Somali refugees in Hagardera refugee camp in Dadaab, northeastern Kenya, have expressed concern over the Kenyan government’s recent announcement that the camps should be closed and refugees repatriated. While there are a variety of views, most people interviewed by Radio Ergo’s local reporter in the camps said security was not good enough yet for them to return to Somalia.
Deqow Ismail Sanweyne, 21, Waberi High School student, was born in Hagardera after his family fled from the Lower Juba region in 1991: “I was born and brought up here in Hagardera and I have never been to Somalia but still it is my country. Security back home is not yet stable as there is fighting and many people still continue to escape the conflict. I am a form four student now and going back to Somalia will cut short my education journey. However there is no doubt if peace and security improves in my home country, I will go back without hesitation.
Safia Mohamed Nur arrived in the camp as a young girl with her parents in 1998 from Kismayo in Lower Juba region. “We are refugees and the same problems that forced us to leave our country are still there. We fled from conflict, killings and rape. We appreciate the Kenyan government for the hospitality and the warm welcome. But if it insists that we leave, we must go because there is no home other than Somalia. I believe the situation back home is still unstable and three months or three years repatriation plan is not enough and we should not be forcefully bundled into tracks without our consent like animals.”
Yassin Mohamed Osman, 24, arrived in Hagardera at the age of one in 1992. He was brought up and went to school in Hagardera and is now a father of two. “I was shocked by the Kenyan government’s eagerness to repatriate us. I was born in the border town of Liboi and I don’t know much about Somalia except what I hear in the media. My parents too haven’t been there for a long time. If am forced back home I will be like a stranger and forced to start life from zero. There is still ongoing fighting and not all Somalis are criminals. I therefore urge the UN agency for refugees and Kenyan authorities to reconsider their refugee repatriation idea. There is not even any education system there.”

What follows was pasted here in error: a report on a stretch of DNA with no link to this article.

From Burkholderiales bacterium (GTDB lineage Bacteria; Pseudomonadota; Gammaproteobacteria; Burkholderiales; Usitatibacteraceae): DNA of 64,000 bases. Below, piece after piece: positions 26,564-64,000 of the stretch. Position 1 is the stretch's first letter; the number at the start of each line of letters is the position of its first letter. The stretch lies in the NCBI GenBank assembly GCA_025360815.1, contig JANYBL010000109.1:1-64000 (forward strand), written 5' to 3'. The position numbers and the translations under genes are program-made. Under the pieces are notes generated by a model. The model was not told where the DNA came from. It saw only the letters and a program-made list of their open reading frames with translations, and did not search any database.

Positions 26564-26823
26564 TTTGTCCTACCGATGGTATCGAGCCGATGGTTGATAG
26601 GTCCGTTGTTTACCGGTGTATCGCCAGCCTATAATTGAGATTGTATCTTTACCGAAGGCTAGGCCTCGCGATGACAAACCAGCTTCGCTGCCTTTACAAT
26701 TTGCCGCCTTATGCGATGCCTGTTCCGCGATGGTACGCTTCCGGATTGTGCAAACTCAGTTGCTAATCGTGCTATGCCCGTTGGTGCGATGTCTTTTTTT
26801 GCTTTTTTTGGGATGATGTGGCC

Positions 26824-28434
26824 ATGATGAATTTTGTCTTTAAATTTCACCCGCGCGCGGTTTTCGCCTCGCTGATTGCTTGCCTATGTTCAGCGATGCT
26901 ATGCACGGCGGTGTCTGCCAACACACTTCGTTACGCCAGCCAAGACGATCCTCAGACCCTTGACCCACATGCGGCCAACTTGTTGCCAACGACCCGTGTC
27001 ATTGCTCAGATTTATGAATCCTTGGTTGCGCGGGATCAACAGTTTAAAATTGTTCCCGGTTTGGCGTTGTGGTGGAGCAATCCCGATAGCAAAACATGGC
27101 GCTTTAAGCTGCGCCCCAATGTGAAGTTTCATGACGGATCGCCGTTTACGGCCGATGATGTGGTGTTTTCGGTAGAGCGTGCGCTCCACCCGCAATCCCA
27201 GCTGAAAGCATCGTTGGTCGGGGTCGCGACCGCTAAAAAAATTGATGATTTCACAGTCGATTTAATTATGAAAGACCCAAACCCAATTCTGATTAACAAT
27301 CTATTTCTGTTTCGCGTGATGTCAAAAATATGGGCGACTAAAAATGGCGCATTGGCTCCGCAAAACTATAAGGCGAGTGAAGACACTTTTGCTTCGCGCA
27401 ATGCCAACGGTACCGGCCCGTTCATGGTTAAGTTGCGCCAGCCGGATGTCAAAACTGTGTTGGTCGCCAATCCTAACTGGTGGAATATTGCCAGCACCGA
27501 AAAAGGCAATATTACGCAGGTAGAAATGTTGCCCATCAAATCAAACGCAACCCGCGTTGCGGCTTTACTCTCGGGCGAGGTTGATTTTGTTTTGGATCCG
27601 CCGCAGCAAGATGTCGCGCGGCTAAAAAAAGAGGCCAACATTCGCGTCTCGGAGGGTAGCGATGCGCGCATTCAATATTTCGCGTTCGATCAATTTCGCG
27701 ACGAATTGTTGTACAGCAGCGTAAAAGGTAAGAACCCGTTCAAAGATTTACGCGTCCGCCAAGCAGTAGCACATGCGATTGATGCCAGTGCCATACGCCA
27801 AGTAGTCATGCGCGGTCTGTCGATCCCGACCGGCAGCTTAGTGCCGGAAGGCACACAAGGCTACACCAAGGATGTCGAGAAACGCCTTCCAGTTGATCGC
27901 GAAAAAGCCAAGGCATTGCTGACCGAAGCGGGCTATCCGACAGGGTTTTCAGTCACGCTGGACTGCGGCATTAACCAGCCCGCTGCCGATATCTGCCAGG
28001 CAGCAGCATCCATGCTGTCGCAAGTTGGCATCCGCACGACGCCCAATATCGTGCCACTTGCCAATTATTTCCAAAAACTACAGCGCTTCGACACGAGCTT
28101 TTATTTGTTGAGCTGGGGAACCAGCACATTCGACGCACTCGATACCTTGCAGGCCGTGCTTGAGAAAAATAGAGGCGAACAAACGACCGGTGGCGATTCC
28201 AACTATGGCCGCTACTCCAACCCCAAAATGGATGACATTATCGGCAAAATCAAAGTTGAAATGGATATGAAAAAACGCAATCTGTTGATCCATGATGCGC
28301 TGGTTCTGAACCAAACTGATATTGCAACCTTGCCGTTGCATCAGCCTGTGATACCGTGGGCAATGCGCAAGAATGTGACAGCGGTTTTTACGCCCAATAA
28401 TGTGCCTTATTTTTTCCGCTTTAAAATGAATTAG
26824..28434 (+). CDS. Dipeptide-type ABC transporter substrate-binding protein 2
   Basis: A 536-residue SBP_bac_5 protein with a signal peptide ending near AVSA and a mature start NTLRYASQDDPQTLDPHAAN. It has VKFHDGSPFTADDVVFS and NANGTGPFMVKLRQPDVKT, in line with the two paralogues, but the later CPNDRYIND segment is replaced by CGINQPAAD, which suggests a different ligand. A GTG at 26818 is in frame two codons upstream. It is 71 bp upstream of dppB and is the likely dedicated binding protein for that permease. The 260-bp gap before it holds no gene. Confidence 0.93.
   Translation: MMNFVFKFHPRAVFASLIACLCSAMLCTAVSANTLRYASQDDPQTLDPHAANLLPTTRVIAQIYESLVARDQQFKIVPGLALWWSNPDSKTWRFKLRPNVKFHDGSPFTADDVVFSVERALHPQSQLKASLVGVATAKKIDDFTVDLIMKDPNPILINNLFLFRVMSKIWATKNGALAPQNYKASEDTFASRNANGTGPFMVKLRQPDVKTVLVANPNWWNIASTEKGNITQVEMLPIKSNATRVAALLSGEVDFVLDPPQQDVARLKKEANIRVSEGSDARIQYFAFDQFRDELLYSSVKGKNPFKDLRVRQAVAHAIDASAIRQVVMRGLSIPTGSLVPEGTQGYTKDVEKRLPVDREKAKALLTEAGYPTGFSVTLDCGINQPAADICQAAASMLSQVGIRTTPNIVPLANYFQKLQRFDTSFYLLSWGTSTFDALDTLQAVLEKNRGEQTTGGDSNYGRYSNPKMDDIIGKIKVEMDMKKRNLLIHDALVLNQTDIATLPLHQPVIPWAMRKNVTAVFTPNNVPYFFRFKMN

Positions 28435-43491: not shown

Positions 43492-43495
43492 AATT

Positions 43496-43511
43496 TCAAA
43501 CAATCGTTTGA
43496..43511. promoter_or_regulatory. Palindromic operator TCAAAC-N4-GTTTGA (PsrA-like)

Salado Warsame Said: “I am not against the decision to return to my home country. I am willing and ready anytime but what we should understand is that the same problems that forced us from my home are still there, which is fighting and conflict. I am mother of several children and I am afraid as a mother to go back again where there is rampant conflict and killing.”
Mohamed Ahmed Mohamud: “I am very glad to return to my home country. One always lives in fear in a foreign country that is not his.”
Halima Abdi Yussuf, a high school student:“I would love to go back to my home country. I was born here but I am treated like a foreigner. I don’t get my basic rights. I am not allowed to travel freely to other parts of the country. It is like being in an open air prison – better return home where you are allowed to travel freely.”
Abdinajib Farah Ahmed came to Hagardera in 2001 from Lower Juba region. “I would urge the authorities to reconsider the decision of repatriation. I am not against returning back home but there is not enough security. If we are forced to return, we would either join the two groups in the country – the Somali government forces or Al-Shabaab militant group, because there is no other option for youths to survive there.”